By means of direct technical cooperation with its Member States, and by stimulating such cooperation among them, WHO promotes the development of comprehensive health services, the prevention and control of diseases, the improvement of environmental conditions, the development of human resources for health, the coordination and development of biomedical and health services research, and the planning and implementation of health programmes.

These broad fields of endeavour encompass a wide variety of activities, such as developing systems of primary health care that reach the whole population of Member countries; promoting the health of mothers and children; combating malnutrition; controlling malaria and other communicable diseases including tuberculosis and leprosy; coordinating the global strategy for the prevention and control of AIDS; having achieved the eradication of smallpox, promoting mass immunization against a number of other preventable diseases; improving mental health; providing safe water supplies; and training health personnel of all categories.

Progress towards better health throughout the world also demands international cooperation in such matters as establishing international standards for biological substances, pesticides, and pharmaceuticals; formulating environmental health criteria; recommending international nonproprietary names for drugs; administering the International Health Regulations; revising the International Statistical Classification of Diseases and Related Health Problems; and collecting and disseminating health statistical information.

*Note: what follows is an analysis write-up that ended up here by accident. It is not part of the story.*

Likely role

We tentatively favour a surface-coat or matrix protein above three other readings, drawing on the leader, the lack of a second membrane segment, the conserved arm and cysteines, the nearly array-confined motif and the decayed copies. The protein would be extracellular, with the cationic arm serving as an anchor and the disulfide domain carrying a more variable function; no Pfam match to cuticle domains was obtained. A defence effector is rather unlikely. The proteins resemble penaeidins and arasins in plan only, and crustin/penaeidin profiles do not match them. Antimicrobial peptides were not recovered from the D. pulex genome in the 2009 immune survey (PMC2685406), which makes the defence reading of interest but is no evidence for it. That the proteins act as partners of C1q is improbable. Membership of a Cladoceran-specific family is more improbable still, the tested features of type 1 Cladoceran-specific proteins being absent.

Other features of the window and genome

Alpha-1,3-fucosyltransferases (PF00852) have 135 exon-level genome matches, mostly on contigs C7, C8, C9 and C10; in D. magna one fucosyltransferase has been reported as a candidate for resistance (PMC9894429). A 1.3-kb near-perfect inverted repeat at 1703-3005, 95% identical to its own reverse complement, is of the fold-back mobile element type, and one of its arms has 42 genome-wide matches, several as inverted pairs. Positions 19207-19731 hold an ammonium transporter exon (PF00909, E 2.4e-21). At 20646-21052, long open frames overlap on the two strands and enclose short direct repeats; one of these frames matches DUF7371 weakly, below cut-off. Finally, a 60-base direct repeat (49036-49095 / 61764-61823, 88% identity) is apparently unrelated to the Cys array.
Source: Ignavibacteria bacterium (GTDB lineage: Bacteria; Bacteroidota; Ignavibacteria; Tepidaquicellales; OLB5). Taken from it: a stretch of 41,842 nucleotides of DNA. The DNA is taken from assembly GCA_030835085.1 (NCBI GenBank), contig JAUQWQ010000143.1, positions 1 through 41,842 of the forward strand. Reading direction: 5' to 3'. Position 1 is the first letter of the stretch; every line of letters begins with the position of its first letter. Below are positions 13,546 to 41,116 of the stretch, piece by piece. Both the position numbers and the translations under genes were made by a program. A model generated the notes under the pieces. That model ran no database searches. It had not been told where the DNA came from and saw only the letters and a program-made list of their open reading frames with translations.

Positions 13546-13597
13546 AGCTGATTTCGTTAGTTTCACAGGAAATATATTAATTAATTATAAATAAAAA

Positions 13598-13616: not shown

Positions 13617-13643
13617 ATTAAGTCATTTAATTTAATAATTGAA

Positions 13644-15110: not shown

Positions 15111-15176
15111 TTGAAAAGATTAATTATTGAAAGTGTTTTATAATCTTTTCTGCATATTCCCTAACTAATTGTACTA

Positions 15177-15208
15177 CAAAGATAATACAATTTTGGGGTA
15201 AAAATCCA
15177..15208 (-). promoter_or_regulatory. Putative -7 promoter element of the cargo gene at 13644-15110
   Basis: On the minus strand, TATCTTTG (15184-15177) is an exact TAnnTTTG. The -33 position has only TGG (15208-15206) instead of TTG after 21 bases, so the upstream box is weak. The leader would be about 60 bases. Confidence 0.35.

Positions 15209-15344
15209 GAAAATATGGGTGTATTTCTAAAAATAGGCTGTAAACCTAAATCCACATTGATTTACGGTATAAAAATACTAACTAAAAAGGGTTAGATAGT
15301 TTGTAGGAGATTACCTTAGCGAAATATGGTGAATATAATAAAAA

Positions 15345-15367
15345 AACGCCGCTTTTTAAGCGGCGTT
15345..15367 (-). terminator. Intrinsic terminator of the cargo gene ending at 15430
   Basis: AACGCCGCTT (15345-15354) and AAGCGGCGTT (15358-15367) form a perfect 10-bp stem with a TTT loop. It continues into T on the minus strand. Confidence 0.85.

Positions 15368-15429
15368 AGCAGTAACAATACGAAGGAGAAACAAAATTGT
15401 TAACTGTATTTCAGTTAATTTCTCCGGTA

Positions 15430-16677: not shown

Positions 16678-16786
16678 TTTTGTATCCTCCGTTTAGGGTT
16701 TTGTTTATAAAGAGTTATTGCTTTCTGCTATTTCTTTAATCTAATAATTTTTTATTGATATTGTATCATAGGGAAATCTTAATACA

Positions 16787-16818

Reflecting the concerns and priorities of the Organization and its Member States, WHO publications provide authoritative information and guidance aimed at promoting and protecting health and preventing and controlling disease.